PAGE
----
The local Liberal MLA Marc Dalton called the provincial budget that was presented on Tuesday “responsible,” while his NDP counterpart Michael Sather said it was “remarkable for its lack of substance.”
The provincial budget for 2013/14 showed that the government will not have a deficit this year and will put aside $625 million as a cushion – $225 as a contingency fund, $197 million in surplus, and $200 million as a forecast allowance.
Dalton said the budget shows a commitment to balancing the budget and that B.C. is fiscally strong.
“It will definitely help us with attracting investment,” he said.
The government also forecast surpluses over the next two budget years.
The health budget will increase by 2.6 per cent, totalling $17.4 billion in 2015/16. The education budget will get an infusion of $210 million for the learning improvement fund, and $1 million to add milk to the fruit and vegetable program.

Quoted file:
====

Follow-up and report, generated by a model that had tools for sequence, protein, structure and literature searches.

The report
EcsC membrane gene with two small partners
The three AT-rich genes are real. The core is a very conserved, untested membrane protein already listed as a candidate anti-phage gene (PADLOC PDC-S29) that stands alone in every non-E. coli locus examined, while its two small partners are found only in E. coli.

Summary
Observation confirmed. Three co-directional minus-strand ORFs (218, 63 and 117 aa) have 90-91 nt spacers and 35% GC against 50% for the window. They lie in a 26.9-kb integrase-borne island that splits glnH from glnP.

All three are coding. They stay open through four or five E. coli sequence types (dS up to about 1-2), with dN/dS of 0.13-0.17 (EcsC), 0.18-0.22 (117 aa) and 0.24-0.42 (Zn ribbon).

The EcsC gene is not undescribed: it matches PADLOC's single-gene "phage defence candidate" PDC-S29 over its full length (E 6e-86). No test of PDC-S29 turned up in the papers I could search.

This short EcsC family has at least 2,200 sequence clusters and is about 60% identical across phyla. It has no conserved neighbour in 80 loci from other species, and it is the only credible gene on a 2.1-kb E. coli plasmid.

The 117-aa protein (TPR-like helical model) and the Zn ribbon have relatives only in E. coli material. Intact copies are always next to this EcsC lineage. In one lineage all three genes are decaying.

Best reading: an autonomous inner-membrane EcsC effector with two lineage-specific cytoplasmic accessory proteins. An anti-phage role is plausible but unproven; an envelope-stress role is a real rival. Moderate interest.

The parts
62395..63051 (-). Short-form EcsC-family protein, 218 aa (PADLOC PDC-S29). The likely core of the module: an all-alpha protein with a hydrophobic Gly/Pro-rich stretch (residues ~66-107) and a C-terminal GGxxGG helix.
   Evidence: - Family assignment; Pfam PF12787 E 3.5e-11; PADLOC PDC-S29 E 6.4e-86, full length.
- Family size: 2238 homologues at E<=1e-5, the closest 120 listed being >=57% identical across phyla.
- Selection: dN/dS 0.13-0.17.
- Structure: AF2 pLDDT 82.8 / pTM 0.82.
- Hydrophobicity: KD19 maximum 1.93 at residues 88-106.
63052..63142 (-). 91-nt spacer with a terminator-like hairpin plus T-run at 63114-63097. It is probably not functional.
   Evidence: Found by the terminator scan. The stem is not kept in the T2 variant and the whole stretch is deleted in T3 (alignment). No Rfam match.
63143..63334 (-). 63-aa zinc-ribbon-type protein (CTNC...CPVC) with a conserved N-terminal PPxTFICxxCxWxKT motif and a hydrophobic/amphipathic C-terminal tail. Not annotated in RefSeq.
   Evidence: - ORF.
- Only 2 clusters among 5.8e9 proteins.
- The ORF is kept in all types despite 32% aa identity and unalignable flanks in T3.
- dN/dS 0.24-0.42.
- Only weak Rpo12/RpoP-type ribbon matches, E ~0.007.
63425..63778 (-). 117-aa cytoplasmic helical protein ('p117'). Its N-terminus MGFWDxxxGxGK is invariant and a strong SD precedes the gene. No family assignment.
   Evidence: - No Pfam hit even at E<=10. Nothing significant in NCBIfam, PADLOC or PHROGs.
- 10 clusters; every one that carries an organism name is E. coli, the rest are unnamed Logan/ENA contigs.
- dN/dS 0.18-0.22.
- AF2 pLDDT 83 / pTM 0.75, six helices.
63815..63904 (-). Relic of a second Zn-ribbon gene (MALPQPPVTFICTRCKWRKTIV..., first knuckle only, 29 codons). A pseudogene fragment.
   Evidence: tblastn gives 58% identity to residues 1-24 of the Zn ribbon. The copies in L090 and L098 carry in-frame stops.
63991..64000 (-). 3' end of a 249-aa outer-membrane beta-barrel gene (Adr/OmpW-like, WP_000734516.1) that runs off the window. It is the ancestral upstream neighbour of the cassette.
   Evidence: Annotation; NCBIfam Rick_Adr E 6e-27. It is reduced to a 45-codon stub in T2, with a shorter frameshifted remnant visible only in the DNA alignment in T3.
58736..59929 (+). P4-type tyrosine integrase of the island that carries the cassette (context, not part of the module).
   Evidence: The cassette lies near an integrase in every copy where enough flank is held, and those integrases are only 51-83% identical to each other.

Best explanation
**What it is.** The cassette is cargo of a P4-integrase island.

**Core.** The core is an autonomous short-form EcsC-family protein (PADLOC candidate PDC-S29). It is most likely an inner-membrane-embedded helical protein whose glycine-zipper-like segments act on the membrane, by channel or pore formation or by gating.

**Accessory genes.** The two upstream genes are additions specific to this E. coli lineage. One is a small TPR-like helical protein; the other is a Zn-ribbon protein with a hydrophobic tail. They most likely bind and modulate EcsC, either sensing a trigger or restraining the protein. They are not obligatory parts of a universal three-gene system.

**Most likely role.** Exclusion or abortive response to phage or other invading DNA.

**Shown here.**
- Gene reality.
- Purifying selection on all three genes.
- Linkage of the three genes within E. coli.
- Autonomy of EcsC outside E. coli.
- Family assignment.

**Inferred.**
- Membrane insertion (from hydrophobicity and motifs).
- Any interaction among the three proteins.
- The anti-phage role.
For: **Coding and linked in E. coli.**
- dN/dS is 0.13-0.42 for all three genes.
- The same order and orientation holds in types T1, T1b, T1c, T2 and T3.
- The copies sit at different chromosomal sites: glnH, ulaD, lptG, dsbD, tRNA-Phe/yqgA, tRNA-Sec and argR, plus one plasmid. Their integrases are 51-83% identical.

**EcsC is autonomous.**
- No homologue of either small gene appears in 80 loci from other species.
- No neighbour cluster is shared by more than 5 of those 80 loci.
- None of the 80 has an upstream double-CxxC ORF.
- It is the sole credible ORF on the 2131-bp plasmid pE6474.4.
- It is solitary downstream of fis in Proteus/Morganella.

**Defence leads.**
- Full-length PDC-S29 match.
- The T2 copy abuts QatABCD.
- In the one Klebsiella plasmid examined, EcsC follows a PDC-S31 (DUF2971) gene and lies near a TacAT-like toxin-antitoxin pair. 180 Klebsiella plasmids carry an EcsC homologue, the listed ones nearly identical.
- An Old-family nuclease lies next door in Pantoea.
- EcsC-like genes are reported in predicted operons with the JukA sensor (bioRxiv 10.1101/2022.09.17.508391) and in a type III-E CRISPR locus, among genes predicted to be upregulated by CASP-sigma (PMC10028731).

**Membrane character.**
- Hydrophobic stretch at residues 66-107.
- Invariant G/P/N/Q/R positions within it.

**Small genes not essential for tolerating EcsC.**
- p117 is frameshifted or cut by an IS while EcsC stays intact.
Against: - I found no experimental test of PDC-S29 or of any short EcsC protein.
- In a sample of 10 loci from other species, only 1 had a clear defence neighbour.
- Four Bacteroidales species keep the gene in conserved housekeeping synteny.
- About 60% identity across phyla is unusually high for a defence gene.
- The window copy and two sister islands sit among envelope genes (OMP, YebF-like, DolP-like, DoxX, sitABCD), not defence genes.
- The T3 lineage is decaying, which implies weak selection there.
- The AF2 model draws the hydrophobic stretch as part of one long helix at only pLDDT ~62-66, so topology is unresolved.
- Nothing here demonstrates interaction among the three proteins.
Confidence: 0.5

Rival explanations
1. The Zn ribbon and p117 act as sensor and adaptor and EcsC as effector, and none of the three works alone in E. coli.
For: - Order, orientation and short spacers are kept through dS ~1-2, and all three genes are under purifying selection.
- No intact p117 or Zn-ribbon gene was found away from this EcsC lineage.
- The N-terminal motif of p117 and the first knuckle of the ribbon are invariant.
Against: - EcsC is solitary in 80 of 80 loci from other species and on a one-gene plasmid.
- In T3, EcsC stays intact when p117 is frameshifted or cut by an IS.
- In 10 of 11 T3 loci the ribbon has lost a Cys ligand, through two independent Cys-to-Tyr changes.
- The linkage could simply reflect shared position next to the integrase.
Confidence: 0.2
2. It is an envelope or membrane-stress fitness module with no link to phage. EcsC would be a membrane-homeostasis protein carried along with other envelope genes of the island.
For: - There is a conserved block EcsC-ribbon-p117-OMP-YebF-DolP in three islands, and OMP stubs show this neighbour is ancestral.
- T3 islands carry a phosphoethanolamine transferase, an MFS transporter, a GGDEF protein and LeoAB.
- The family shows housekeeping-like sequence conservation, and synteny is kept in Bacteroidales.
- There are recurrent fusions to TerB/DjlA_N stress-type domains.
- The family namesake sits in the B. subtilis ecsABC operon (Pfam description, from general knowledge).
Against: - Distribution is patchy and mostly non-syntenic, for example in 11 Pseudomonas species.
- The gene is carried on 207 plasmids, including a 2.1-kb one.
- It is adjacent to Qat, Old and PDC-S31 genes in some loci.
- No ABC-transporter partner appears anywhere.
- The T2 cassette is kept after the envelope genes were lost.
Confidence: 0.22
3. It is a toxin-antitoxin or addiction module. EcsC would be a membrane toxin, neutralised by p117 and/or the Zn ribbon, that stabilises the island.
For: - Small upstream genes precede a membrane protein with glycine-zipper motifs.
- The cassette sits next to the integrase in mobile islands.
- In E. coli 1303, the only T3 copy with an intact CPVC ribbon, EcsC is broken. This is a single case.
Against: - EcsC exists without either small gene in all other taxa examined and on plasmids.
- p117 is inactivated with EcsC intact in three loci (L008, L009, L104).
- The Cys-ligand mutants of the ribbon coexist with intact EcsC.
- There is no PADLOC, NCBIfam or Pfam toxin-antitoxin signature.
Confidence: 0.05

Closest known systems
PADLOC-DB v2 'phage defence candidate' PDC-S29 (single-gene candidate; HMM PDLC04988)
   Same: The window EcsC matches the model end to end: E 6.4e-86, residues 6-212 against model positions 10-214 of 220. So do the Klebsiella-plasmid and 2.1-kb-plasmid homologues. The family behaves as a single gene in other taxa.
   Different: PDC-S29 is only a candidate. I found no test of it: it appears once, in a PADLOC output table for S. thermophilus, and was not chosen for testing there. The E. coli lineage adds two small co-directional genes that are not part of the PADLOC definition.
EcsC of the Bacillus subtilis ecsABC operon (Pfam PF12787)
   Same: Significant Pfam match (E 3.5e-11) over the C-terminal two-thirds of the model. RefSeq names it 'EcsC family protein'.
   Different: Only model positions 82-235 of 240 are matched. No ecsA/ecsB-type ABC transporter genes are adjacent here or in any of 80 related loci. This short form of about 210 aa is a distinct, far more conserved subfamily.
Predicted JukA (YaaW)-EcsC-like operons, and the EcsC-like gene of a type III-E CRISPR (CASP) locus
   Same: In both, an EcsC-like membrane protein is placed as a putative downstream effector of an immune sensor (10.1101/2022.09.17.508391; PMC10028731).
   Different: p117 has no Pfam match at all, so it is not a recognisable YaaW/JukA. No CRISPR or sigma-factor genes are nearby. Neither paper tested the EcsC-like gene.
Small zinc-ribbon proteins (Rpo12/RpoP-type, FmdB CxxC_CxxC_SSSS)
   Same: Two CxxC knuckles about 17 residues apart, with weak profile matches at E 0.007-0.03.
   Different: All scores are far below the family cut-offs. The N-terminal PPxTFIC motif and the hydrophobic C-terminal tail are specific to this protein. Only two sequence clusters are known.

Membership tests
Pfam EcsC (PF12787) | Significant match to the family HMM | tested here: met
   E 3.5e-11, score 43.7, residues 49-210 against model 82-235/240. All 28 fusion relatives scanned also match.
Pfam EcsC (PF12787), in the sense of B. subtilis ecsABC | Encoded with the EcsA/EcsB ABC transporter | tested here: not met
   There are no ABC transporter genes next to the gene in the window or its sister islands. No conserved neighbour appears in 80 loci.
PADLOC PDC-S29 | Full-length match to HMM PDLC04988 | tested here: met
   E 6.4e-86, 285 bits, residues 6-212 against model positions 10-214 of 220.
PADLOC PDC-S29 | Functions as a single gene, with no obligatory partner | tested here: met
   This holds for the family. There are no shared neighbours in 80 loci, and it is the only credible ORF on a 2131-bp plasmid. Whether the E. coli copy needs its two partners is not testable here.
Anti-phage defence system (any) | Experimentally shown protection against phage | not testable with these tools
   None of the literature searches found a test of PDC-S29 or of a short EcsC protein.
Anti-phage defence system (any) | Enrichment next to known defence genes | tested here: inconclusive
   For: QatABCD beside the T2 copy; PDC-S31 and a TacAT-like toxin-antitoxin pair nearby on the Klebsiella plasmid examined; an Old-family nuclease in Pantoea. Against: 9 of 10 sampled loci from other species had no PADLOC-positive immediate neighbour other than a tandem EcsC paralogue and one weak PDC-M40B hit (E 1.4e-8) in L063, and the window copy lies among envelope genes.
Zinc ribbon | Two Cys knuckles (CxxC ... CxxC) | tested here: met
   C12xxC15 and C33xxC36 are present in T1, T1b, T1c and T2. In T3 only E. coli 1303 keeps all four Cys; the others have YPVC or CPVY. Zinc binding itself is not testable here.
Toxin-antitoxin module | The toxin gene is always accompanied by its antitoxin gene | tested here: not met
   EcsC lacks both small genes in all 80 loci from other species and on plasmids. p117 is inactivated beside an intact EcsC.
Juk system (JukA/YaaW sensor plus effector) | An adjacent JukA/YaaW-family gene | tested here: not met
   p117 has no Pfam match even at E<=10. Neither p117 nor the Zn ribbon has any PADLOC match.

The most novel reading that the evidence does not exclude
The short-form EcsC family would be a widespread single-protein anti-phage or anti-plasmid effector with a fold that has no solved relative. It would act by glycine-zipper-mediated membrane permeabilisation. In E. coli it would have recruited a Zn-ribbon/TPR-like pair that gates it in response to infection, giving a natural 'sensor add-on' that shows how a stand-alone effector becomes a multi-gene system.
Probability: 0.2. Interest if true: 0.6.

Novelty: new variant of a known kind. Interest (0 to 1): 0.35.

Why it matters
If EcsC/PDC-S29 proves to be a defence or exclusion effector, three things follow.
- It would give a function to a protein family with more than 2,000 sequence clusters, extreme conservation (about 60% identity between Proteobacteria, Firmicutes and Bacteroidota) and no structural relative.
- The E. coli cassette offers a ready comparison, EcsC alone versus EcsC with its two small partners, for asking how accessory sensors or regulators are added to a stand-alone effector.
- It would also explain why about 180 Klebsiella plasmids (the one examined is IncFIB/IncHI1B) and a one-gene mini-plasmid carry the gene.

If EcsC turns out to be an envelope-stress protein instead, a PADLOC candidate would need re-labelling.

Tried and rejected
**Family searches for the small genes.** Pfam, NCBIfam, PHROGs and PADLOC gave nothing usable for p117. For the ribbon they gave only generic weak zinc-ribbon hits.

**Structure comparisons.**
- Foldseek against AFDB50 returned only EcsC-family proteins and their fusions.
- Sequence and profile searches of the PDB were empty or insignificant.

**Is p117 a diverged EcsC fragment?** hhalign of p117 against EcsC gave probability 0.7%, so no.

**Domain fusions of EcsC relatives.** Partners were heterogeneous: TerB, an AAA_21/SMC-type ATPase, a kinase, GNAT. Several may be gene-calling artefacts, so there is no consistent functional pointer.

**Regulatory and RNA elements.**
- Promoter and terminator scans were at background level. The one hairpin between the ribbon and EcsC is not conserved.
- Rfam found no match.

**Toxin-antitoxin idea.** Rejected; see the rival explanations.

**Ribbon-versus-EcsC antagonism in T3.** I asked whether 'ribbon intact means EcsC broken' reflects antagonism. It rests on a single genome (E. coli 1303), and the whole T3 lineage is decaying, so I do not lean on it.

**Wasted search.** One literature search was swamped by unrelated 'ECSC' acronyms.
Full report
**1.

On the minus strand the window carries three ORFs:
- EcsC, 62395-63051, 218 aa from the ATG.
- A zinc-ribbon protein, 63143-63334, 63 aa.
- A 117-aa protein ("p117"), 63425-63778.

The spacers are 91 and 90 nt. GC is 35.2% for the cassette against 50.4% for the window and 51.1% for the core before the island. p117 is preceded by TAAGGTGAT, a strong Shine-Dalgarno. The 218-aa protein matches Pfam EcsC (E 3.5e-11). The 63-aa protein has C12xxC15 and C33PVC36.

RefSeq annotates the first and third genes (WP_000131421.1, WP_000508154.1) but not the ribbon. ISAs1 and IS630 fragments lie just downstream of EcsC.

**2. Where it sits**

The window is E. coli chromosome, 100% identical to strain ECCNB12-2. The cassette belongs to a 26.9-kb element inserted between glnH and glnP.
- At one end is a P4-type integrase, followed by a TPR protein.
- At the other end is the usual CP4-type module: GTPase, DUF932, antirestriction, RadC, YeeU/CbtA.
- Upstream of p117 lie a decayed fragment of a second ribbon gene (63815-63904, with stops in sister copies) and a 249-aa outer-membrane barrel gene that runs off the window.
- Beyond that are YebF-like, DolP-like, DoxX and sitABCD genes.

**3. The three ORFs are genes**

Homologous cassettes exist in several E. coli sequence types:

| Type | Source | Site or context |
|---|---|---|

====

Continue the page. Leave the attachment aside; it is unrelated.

The budget includes grants for children six and under of $1,200 towards registered education savings plans, $55 per child per month for daycare for families earning less than $100,000, $76 million over three years to create new child-care spaces, $60 million for the sports and arts legacy fund, $52 million for RCMP policing, and $18 million for to increase youth participation in arts.
Personal taxes for people earning more than $150,000 will increase by 2.1 per cent next year. Income taxes will rise from 10 per cent to 11 per cent on April 1.
The government announced that $1.1 billion have been found in savings in Crown agencies and ministries.
Dalton pointed out that a carbon tax relief for greenhouse growers could benefit the agricultural sector in Maple Ridge and Pitt Meadows.
In addressing the provincial legislature, Sather said there was no mention of climate change in the budget.
“Talk about prosperity, but the prospects for prosperity are massively diminished by the devastation brought about by climate change,” he told the legislature, and instead of trying to solve the problem of climate change, “we’re talking about pedal-to-the-metal development of fossil fuels.”
This budget was not a typical election budget whereby government is buying votes by spending taxpayers money, Dalton said, referring to upcoming provincial election on May 14.